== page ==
With fish farms in BC facing mounting challenges, the future appears uncertain for foreign-owned corporations that have made substantial investments in the province’s industry. Former Fisheries Minister Joyce Murray announced the closure of fish farms near the Discovery Islands earlier this year, preceded by the decision of the BC government in consultation with First Nations to shut down fish farms in the Broughton Archipelago. The federal government is currently planning to phase out all open-net fish farms in BC waters by 2025.
This is why what Cermaq Canada, a Norwegian fish farming conglomerate owned by Mitsubishi, is doing in Clayoquot Sound is perplexing many concerned citizens. First Nations and environmentalists are demanding answers from Fisheries and Oceans Canada (DFO) for approving Cermaq Canada’s expansion of its fish farms near Tofino despite the looming 2025 deadline. We spoke to Dan Lewis, Executive Director of Clayoquot Action, to learn more about the state of fish farms in the area.
Fish Farm Closures
The federal government’s mandate to transition away from open net-pen salmon farms by 2025 aims to protect wild salmon before it’s too late. Former Minister Murray stated earlier this year that “wild salmon are in dire straits” when announcing the closure of fish farms in the Discovery Islands on the eastern side of the Island. The decision was grounded in research that found fish farms breed parasites and diseases that then transfer to the smolts, putting wild salmon populations at risk. Cermaq, along with other international fishing giants Mowi and Grieg Associates, who lost their licenses in the region, are now pursuing separate legal actions to challenge the Canadian government’s decision. However, critics argue that these corporations were warned about closures as early as 2012, following the influential Cohen Report that called for ending fish farms by 2020.
Amidst impending closures of BC fish farms, fish farm giant Cermaq is counter-intuitively expanding its operations in Clayoquot Sound. Home to the Hesquiaht, Ahousaht and Tla-o-qui-aht First Nations, the area has been declared a UNESCO Biosphere Reserve for its extraordinary biodiversity seen almost nowhere else in the world. It is covered in a vast, unlogged temperate rainforest, the largest on Vancouver Island, and features pristine lakes and waterways leading to its breathtaking coastline. However, despite the ecological abundance, wild salmon populations in the region are facing significant challenges to survive. Dan Lewis of Clayoquot Action, a Tofino-based conservation society, says that salmon are “on the brink of extinction” within the Biosphere Reserve.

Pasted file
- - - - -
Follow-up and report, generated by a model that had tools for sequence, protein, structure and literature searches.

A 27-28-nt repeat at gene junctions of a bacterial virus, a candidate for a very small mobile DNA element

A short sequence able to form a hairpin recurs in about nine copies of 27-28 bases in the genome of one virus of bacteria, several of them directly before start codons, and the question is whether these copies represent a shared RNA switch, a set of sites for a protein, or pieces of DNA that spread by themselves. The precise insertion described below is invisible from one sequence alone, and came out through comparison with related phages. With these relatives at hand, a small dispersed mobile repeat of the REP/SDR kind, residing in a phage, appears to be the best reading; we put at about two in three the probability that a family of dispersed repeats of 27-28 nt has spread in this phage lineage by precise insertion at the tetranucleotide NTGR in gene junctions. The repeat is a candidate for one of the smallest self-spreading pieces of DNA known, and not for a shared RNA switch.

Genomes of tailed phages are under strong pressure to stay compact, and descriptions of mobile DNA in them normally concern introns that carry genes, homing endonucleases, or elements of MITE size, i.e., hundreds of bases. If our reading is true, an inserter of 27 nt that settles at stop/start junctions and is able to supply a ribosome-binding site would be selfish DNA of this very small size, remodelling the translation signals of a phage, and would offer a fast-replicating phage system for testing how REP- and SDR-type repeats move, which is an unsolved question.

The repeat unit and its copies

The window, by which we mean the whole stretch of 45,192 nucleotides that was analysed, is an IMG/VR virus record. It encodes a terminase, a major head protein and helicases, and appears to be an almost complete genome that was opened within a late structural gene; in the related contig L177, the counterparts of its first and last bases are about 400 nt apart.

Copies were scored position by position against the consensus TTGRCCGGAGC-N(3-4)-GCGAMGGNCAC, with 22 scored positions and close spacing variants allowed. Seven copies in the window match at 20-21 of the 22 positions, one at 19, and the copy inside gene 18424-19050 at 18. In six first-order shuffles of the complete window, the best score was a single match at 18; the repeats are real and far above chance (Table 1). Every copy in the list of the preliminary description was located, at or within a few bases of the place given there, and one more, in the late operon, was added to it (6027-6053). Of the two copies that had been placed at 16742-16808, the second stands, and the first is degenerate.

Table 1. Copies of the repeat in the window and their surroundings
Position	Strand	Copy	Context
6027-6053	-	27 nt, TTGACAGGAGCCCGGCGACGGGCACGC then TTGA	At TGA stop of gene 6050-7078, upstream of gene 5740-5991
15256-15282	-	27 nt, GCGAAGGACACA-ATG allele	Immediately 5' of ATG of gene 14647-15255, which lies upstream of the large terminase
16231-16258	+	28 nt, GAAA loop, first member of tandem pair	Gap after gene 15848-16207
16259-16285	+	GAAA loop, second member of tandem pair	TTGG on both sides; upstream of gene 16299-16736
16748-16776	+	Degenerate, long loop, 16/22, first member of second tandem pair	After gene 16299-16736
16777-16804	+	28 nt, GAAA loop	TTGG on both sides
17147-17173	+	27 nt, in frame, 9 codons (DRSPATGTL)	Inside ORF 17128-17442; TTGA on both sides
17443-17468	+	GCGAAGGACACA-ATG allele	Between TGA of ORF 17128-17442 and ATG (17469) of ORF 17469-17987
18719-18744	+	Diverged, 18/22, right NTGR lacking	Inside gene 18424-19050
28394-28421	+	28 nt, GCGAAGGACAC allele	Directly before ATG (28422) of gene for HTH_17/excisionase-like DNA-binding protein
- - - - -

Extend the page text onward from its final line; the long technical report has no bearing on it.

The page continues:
Yet this year alone, DFO’s Aquaculture Management Division has approved three applications for expansions of Cermaq’s salmon farms in the Clayoqout Sound area, and another seven are still under review. These expansions are intended to not only increase the size of the fish farms themselves but also boost overall production.
“The overwhelming majority of First Nations in BC oppose the commercial fish farm industry due to title and rights, food security concerns and the detrimental effects it has on wild salmon.”Grand Chief Stewart Phillip, President of the Union of BC Indian Chiefs
Two farms, at Bawden Point and Millar Channel, are each expanding from 2640 to 3960 tonnes, marking a 50% increase in their biomass. A third farm at Dixon Bay has been approved to grow from 2640 to 3300 tonnes, representing a 25% increase in total production. According to Dan Lewis, this is roughly equivalent to 1.5 new fish farms. The industry, he asserts, is “desperate” and feels that “they have to expand production to remain profitable for the next year and a bit, just maximizing as much as they can.”
“DFO continues to prioritize the fish farm industry over First Nations title and rights and the survival of wild salmon. ”Grand Chief Stewart Phillip, President of the Union of BC Indian Chiefs
The Skeena reached out to Fisheries and Oceans Canada for comment about the expansions, and they responded confirming the 2022 approvals in North Clayoquot have led to the increase of biomass production limits, however, “the company’s maximum allowable production in the area decreased as only four of the six farms in the area are allowed to operate at any given time.”